In the immediate term, aid agencies are scrambling to respond to the floods by distributing food, clothes and medicine. Around 100 temporary relief camps have been set up for the 120,000 so far evacuated but continuing bad weather is slowing down relief operations.

“We have the army, disaster management teams, police and other groups of rescuers making every effort to save the population,” said RK Singh, a senior government official involved in the relief effort.

The charity Action Aid said that thousands of people have been reported missing but not yet listed as dead. Meanwhile, countless thousands of people were scrabbling to reach higher ground and abandoning their homes and livestock. With road and rail routes completely blocked, helicopter and boat are the only means to reach people.

But experts have warned that the situation could yet get worse. The peak of the river’s annual flooding usually comes in October. The people of Bihar may have more torment ahead.

The monsoon: a cycle of life and death

*In the broadest sense, the floods causing misery and destruction in Bihar are part of an annual cycle of life and death that plays out annually across a swathe of Asia as a result of the monsoon rains.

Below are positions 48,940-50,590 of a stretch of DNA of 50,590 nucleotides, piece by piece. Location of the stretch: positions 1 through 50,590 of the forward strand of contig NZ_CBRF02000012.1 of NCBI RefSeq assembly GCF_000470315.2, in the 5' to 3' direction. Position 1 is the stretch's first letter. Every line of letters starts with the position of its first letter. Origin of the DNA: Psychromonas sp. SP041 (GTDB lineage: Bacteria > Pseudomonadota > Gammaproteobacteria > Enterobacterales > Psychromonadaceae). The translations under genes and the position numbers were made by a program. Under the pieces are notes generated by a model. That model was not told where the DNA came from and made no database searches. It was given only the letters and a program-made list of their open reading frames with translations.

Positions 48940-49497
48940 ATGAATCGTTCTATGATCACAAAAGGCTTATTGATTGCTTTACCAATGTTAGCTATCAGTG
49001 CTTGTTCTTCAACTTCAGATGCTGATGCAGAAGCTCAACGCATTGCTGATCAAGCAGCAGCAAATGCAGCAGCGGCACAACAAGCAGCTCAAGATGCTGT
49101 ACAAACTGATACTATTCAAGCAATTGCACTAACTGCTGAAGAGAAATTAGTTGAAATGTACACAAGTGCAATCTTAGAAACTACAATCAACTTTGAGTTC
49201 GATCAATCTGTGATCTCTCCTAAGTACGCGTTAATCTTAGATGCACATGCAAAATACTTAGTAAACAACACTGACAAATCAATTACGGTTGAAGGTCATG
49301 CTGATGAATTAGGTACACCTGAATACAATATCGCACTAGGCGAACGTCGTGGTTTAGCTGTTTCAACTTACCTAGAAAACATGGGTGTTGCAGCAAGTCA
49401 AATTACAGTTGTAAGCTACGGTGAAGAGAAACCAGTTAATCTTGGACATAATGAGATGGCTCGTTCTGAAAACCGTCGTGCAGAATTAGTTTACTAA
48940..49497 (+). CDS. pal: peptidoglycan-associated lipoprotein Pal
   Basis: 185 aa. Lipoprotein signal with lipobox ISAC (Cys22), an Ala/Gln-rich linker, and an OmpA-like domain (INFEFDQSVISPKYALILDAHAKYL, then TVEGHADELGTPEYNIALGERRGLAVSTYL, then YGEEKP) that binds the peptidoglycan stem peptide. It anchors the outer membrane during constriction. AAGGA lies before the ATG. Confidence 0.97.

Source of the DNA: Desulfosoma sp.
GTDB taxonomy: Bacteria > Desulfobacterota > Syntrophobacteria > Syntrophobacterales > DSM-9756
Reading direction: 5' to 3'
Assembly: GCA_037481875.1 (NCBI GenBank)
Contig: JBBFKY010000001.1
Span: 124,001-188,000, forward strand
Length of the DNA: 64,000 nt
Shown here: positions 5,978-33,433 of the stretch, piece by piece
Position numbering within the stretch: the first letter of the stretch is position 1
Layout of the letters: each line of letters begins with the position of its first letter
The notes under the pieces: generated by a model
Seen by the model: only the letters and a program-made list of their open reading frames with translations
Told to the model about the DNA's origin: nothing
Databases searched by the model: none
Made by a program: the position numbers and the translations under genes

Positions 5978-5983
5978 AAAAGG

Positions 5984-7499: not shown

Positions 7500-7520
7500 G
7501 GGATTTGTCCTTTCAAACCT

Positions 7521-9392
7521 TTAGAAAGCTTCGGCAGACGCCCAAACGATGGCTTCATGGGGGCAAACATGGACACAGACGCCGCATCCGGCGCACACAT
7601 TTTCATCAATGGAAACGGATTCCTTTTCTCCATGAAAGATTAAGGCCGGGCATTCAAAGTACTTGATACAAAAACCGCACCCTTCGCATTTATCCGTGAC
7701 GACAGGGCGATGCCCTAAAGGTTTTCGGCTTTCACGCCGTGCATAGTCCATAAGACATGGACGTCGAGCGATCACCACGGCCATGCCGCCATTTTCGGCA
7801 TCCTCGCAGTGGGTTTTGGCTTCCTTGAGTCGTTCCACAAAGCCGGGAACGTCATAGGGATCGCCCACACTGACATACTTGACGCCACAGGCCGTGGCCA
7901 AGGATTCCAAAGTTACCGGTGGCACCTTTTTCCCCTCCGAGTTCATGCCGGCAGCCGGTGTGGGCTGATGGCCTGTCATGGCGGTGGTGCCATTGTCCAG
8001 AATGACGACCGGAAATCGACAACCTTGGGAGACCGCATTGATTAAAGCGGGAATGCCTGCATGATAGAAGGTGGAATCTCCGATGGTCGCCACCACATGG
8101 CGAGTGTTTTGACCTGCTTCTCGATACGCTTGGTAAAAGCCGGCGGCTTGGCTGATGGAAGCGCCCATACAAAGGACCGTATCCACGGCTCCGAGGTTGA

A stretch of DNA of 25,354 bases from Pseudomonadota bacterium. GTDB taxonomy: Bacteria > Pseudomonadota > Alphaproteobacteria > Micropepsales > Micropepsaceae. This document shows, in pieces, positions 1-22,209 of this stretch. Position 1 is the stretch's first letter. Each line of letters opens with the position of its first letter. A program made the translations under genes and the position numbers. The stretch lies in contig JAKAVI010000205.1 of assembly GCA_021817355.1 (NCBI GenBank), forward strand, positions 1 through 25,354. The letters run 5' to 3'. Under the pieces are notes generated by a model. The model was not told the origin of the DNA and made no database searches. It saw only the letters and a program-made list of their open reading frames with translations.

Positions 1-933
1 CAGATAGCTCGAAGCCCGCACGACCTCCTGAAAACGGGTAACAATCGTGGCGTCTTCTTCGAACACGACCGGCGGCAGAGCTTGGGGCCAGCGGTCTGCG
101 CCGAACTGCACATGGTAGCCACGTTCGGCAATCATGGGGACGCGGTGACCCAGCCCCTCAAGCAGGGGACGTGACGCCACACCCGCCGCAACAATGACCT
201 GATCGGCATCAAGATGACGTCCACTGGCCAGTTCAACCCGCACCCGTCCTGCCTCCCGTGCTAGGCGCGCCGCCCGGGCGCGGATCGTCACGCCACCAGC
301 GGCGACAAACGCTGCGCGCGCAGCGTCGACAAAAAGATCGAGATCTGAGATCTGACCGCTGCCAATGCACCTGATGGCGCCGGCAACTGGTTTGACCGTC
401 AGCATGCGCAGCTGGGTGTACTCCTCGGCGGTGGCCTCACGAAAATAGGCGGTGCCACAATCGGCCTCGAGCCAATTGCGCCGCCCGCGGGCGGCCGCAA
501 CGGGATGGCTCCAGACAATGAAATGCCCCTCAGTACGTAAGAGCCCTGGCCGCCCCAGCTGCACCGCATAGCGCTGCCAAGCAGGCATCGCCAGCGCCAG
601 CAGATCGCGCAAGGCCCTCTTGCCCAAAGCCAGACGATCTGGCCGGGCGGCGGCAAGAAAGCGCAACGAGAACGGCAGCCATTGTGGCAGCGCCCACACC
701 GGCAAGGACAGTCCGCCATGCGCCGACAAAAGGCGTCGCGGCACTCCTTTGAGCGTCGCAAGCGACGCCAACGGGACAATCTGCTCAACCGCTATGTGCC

Vital for irrigating crops and for replenishing lakes and groundwater aquifers on which the huge population depends the rest of the year, the monsoon also brings devastation and death to the region’s most impoverished and vulnerable. Before this latest disaster, at least 1,000 people had died in India, Nepal and Bangladesh since this year’s rains began.

India’s monsoon season normally lasts from June to September, hitting different parts of the country at different times. Some experts have claimed the heavier rains of this year are the result of global warming. Others have said the calamity was the result of a lack of preparedness and a failure to reinforce the dam upstream on the Kosi. What appears certain is that the situation is not getting any better, despite the cyclical nature of the monsoon. In 2007, the floods killed more than 2,200 people and left 31 million homeless, short of food or with other problems. The United Nations said the floods were the worst in living memory.

In large parts of South Asia, the region’s poorest people have also fallen victim to rising seas. In much of the Bangladesh delta, rising ocean levels, and erosion caused by glaciers melting at an increased rate, have seen hundreds of thousands of people face the prospect of losing their homes. The UN has predicted that Bangladesh, criss-crossed by more than 200 rivers, will lose 17 per cent of its land by 2050 because of rising sea levels. But other data suggests the country’s landmass is increasing because of sediment deposited by the Ganges and Brahmaputra rivers.

Originally published by By Andrew Buncombe Asia Correspondent, in Delhi.

(c) 2008 Independent, The; London (UK). Provided by ProQuest LLC. All rights Reserved.